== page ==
Whether you're just starting out with email marketing or you already have some experience sending marketing emails, you've probably wondered about the types of email communication you can send to your database.
Should you nurture your subscribers with weekly newsletters? Are dedicated sends better at optimizing your sales and marketing funnel? What about email digests? These are all valid questions that marketing professionals should consider when selecting the right format to meet their email marketing goals.
So which types of emails should you be sending? In this blog post, we'll discuss the different types of email marketing communication and their respective advantages and disadvantages. This information should help you make both an educated decision when choosing the most appropriate email format to meet your specific goals.
When deciding whether you should use email newsletters in your marketing strategy, you first need to determine your goal. What is it that you want your email newsletter to achieve? You might want to nurture your existing contacts and become the first brand they think of when they need a product or service in your industry. Or your goal might be to increase social sharing so you attract new people to your list. As you define your goal, think about what metrics you can use to track your progress.
Email newsletters are characterized by three key advantages. First, they can spread your brand awareness. By building habitual communication with your email subscribers, you enable them to recognize your brand and associate it with a positive sentiment. Second, email newsletters can leverage existing content. Many companies do quick summaries of their most popular blog posts and link to the articles from their newsletter. Third, email newsletters give you the freedom to include different types of content that might be important to your organization. For instance, the same newsletter can contain a popular blog post, a new offer, an announcement of an upcoming event, information about a discount, and a link to a survey.
Email newsletters are also characterized by some important disadvantages. First, they dilute the main call-to-action. If you include a series of blurbs or article summaries, the attention of your recipients will most likely be spread across these tidbits of information as opposed to staying focused on a certain element. Second, the design of a newsletter becomes a much more complicated task than other emails like dedicated sends. You’ll have to spend some time deciding on the right placement of images and text, alignment, and prioritization of information.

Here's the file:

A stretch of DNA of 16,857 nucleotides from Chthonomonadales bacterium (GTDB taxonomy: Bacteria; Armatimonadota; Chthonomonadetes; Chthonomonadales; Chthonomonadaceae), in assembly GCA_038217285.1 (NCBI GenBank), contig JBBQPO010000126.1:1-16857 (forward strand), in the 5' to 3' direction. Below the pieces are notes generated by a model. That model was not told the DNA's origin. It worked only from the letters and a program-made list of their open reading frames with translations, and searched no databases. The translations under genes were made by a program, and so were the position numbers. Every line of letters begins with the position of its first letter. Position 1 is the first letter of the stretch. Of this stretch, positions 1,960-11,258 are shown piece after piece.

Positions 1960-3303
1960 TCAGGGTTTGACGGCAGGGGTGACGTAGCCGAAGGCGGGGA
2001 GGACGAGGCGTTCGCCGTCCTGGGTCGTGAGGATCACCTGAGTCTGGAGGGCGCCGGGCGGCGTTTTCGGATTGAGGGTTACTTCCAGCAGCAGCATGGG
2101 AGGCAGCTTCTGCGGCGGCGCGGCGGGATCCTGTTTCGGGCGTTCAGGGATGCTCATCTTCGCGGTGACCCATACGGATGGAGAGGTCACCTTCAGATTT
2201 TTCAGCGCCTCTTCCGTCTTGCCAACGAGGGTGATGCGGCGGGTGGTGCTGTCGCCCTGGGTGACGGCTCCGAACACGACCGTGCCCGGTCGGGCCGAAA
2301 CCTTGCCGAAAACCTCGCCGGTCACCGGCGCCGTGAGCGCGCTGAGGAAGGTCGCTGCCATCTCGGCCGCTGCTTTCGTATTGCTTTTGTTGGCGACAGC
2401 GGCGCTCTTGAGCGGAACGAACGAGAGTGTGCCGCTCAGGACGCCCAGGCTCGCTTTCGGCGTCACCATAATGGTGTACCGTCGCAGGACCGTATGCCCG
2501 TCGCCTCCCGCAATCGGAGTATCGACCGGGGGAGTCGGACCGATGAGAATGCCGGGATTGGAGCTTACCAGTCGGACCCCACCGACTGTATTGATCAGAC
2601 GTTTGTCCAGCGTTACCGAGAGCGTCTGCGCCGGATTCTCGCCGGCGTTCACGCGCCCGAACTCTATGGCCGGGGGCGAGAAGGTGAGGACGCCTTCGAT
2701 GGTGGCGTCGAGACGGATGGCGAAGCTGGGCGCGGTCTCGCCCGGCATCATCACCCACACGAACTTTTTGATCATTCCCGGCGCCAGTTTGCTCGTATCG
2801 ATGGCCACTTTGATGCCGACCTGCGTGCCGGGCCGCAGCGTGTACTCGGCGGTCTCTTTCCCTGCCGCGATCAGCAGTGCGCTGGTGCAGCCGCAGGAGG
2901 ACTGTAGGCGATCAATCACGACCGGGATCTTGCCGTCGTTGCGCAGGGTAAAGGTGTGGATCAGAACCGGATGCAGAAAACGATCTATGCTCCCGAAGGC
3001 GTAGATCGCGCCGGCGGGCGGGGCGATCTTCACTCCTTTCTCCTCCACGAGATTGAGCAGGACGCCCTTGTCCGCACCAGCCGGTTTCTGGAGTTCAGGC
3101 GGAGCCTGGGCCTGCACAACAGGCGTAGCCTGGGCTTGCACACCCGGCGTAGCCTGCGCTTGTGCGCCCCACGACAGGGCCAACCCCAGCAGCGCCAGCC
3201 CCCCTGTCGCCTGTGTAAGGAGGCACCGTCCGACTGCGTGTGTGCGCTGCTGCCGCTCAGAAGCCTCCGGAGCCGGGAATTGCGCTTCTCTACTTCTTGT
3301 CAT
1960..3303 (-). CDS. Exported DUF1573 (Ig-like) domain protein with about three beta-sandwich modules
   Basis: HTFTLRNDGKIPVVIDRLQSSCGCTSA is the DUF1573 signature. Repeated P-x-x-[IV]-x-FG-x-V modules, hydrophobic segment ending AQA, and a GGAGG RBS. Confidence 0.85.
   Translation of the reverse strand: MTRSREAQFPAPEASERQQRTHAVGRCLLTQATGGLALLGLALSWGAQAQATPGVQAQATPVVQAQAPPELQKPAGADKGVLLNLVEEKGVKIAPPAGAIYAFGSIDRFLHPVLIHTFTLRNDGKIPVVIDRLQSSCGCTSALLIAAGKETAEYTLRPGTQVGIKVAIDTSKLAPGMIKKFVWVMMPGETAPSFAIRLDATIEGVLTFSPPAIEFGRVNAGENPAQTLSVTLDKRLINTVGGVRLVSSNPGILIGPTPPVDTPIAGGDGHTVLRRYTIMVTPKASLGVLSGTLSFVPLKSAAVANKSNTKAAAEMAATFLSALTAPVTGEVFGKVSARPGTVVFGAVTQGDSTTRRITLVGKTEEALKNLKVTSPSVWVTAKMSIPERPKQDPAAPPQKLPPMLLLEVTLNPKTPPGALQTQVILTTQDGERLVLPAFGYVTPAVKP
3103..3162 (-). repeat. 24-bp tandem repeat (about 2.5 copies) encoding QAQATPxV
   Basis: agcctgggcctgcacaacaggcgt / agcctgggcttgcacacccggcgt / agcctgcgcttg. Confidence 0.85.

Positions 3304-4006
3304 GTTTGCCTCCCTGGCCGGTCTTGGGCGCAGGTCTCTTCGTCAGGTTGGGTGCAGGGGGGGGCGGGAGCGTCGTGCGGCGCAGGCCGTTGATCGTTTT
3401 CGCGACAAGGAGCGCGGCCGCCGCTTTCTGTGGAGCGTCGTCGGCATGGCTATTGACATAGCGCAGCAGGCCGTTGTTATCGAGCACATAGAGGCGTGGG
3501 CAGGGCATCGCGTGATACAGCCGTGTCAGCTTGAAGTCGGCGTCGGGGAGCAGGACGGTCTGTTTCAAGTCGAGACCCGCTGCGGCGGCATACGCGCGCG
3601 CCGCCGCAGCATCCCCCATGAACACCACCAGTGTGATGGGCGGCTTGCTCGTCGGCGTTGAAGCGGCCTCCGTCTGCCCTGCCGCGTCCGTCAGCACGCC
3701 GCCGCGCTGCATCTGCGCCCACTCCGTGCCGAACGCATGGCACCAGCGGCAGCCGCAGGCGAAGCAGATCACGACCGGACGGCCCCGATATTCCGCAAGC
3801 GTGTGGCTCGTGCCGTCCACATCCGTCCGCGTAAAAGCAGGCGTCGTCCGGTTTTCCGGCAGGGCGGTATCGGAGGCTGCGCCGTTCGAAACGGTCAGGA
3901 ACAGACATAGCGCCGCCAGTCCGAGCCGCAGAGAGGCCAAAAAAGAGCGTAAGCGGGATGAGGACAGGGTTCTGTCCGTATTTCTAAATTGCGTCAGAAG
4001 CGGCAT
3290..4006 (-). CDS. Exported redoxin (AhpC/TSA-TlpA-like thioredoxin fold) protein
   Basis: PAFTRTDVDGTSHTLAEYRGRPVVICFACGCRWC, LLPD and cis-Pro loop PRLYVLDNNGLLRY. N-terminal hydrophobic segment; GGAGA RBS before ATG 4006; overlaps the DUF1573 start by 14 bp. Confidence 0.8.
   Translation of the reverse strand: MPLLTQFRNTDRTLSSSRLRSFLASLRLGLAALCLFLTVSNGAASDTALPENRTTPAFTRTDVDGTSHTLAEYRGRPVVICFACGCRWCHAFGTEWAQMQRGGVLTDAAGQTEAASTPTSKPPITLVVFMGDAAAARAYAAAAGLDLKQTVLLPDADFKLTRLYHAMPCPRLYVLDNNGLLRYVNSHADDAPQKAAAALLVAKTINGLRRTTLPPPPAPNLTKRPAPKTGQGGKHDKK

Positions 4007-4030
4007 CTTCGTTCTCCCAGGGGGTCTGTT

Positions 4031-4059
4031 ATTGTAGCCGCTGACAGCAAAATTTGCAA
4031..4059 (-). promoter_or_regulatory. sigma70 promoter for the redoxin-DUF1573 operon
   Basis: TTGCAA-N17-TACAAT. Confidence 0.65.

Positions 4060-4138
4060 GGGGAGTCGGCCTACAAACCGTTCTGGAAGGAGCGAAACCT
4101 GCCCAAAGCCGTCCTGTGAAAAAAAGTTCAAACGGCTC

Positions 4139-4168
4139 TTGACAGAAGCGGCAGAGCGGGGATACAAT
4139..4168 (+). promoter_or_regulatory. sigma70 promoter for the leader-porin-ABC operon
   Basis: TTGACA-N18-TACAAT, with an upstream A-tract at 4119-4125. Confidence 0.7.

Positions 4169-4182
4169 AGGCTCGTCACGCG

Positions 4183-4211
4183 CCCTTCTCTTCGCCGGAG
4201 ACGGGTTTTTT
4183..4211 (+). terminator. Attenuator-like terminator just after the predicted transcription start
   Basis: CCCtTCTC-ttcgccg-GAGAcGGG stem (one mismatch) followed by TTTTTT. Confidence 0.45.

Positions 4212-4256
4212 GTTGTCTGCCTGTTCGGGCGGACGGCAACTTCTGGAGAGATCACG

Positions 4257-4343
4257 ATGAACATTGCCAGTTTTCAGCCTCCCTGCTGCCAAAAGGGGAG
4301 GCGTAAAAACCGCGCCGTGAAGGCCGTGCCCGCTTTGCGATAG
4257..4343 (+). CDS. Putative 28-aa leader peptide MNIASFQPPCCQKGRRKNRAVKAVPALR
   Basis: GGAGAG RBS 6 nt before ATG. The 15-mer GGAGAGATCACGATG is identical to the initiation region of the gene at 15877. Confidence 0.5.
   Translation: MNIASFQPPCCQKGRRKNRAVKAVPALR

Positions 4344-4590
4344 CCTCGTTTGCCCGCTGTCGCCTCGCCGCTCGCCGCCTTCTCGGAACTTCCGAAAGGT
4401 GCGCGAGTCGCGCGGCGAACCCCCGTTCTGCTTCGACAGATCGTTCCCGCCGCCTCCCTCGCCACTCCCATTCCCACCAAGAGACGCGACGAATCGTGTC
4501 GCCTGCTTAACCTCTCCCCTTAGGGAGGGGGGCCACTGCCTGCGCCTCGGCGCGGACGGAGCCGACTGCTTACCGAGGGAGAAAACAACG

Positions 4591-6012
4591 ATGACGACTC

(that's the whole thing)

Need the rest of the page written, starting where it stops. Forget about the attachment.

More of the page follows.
Similar to newsletters, email digests provide summaries of existing information and offer a snapshot of a specific time frame (e.g. a week or a month). Traditionally, digests highlight the most popular pieces of content that new readers will gravitate toward, such as digests of books, movies, etc.
Digests are generally easier to consume than newsletters because they generally consist of links and lists. One popular option is the blog digest, which collects notifications about the articles you publish throughout a certain time frame and releases an email with the links. If you are blogging using HubSpot’s platform, your subscribers have the opportunity to set up this type of digest based on their preferences.
Dedicated emails, also known as stand-alone emails, contain information about just one offer. For instance, you can use a dedicated email to notify your target audience about a new whitepaper you've released or invite them to attend an event that you're hosting.
Dedicated email sends have three main advantages. First, they help you set up the context to introduce a main call-to-action and really drive results in respect to that one offer. Second, they are easy to build. Once you have your email template in place, building dedicated sends should be easy. Unlike newsletters, dedicated emails don’t need to include many graphical elements to separate the different blocks of text and prioritize information. Third, they are easy to measure. When you promote one main message and call-to-action, it will be easy for you to track progress, such as click-through rate, conversion rate, and leads generated from the individual send.
Dedicated email sends also have some disadvantages. First, with dedicated sends, the emailing schedule is less clear and potentially less consistent. You might use dedicated emails when you have published a new offer (which might be sporadic). Even if you decide to maintain a specific schedule, your subscribers might not realize it or expect communication from you because there is no clear connection between the separate sends. Second, it’s tough to include diverse content in a dedicated send, so you cannot add other calls-to-action that might also be important to your organization.